Soulslike bosses are hard. One of the genre's big selling points is challenging boss battles that will push you to the edge, demanding that you learn and adapt your play style and habits in order to conquer them, and also be prepared to temporarily back away from the challenge to grind and level up. My experience with Lies of P was no different, apart from having a specific philosophical twist.
It was one particular boss fight in Lies of P that had a strange effect on me. As someone who has only dabbled in soulslike games before, the parade of challenging bosses, side bosses, and mini-bosses I came up against gave me some stiff trials that I really had to apply myself to. To overcome these battles, I had to learn every facet of them and exercise no small amount of patience. This might sound like a familiar story: ‘non-regular player of soulslike games finds game difficult’. However, my time with the game took a bit of a turn when I came up against one particular boss and I ended up turning to an ancient school of philosophy to beat it.
If you haven’t tried the game, the main bosses at the end of each section in Lies of P are wonderfully varied and imaginative but do peak and trough wildly in terms of difficulty. In the first third or so of the game, there are a couple of memorable encounters that embody this difficulty change. While I overcame the Scrapped Watchmen near Krat City Hall with relative ease, the next boss, King’s Flame, Fuoco located in the Venigni Works factory absolutely had me, beating me to an embery pulp time and time again.
I embraced the soulslike way of angrily stomping off somewhere else to level up but my efforts were haphazard, and I was only fuelled by frustration and anger, my mind occupied by thoughts of wasted time and effort. Of course, despite a bit of leveling up and restocking, my Pinocchio continued to burn in Fuoco’s fires. I realized that I needed something else, something that I’d eventually find in the famous Stoic quote from Roman emperor Marcus Aurelius: “The impediment to action advances action.”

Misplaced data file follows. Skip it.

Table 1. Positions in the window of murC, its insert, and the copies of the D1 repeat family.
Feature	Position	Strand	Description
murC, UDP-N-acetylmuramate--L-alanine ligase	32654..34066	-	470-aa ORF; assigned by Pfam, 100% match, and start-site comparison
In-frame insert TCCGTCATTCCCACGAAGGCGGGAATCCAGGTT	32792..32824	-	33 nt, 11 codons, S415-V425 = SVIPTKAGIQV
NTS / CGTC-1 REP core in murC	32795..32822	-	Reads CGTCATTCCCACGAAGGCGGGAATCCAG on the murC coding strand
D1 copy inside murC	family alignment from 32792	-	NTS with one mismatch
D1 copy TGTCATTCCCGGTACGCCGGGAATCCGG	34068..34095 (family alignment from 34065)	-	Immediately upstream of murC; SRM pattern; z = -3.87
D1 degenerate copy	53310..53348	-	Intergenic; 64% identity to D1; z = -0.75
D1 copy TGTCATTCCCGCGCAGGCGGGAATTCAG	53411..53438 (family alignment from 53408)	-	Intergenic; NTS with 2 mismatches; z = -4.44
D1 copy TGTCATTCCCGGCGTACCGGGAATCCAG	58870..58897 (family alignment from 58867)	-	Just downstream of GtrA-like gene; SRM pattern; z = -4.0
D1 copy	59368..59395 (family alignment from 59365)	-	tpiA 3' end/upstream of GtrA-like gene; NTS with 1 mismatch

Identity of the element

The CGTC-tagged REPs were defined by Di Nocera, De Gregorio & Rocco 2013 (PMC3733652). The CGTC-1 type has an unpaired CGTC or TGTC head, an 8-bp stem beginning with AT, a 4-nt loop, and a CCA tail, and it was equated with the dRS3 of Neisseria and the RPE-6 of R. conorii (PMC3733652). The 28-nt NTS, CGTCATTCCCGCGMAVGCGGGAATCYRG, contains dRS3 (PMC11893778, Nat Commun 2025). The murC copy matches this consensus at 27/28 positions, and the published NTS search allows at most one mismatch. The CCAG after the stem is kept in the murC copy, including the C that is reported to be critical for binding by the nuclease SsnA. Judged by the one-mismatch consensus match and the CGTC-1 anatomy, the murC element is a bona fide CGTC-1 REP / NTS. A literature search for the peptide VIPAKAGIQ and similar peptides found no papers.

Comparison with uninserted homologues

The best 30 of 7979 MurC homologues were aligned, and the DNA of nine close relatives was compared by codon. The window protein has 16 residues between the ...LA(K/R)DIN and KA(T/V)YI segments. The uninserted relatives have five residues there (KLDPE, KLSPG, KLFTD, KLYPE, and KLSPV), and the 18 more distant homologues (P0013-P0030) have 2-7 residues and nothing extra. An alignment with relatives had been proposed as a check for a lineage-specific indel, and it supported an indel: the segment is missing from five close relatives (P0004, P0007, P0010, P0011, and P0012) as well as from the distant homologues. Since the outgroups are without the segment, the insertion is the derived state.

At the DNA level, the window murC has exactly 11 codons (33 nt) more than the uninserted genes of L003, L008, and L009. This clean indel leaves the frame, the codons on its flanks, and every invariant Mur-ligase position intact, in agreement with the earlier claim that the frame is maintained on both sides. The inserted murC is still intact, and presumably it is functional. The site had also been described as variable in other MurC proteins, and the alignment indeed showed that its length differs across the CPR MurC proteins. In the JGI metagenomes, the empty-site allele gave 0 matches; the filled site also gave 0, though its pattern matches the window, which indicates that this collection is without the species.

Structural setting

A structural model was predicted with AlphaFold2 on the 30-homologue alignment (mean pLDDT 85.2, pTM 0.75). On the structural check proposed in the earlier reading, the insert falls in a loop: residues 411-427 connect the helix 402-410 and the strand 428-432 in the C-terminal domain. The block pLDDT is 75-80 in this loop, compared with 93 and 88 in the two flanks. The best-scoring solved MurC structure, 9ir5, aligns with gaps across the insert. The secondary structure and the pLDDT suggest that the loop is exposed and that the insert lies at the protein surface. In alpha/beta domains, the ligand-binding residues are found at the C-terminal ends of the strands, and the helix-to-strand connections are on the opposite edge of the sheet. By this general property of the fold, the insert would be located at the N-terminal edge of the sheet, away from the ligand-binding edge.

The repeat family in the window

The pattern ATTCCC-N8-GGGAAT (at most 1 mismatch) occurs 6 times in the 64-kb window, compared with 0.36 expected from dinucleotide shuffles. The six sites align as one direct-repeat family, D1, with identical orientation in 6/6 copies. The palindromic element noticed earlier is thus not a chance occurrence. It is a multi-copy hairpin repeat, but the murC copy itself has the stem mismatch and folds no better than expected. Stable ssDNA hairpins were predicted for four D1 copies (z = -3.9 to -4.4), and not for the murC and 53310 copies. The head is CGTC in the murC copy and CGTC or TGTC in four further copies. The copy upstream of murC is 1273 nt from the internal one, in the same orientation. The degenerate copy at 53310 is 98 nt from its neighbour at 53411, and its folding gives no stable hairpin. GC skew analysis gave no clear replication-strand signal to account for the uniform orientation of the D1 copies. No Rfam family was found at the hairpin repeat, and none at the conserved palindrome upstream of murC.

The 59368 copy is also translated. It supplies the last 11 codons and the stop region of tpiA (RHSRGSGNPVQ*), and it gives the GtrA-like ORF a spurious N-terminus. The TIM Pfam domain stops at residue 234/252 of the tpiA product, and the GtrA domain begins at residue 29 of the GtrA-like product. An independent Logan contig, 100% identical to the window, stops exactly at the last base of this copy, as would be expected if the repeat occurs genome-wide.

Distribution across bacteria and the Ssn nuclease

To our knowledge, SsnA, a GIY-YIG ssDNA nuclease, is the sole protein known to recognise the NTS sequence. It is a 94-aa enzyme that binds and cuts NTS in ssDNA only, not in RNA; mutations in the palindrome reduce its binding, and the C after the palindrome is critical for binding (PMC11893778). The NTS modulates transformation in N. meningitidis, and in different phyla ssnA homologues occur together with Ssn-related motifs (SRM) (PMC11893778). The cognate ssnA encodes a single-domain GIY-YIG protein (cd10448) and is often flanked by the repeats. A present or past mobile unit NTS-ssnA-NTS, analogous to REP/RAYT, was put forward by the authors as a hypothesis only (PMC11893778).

It so happened that, at the same time as I was matching wits with Fuoco, I was also reading and learning a lot about the philosophy of Stoicism, applying it to my life where appropriate in a bit of push for self-betterment. Philosophy, after all, is something you actually practice not just learn about. I found that putting it into practice against Fuoco, in particular, proved to be a turning point.
In brief, Stoicism is the idea that the practice of four ‘virtues’ (courage, justice, temperance, and wisdom) day-to-day will lead to life satisfaction and flourishment. It’s not an emotionless philosophy, warmly encouraging the practice of qualities like excellence, patience, knowledge, calmness, and so on. It also offers guidance as to how one might prepare for and react to events, in my case: video games - one particular bit of one particular video game, to be precise.
Helping me digest and apply Stoicism to my life - and then to Lies of P - there are myriad wonderful quotes and sayings that distill the philosophy and approach to life succinctly. Ryan Holiday’s book, The Obstacle is the Way, and his Daily Stoic YouTube channel and newsletter proved brilliant ways to understand and inject these into my life. Holiday applies quickfire analysis and modern-day applications of the tenets as well as bringing to life the to translated original quotes by the likes of Marcus Aurelius, and philosophers such as Epictetus, and Seneca.
It was that aforementioned Marcus Aurelius quote that struck me most when channeling stoicism into my (many) battles with fiery hardman Fuoco. To repeat it: “The impediment to action advances action”. What’s in front of you appearing to halt your progress is actually the focus and route of your continued progress. In the context of Fuoco this was, of course, literally true as it was the way to progress the game, but, in a more abstract sense, he was the obstacle I needed to overcome in order to be better, learn more, and hone my skills.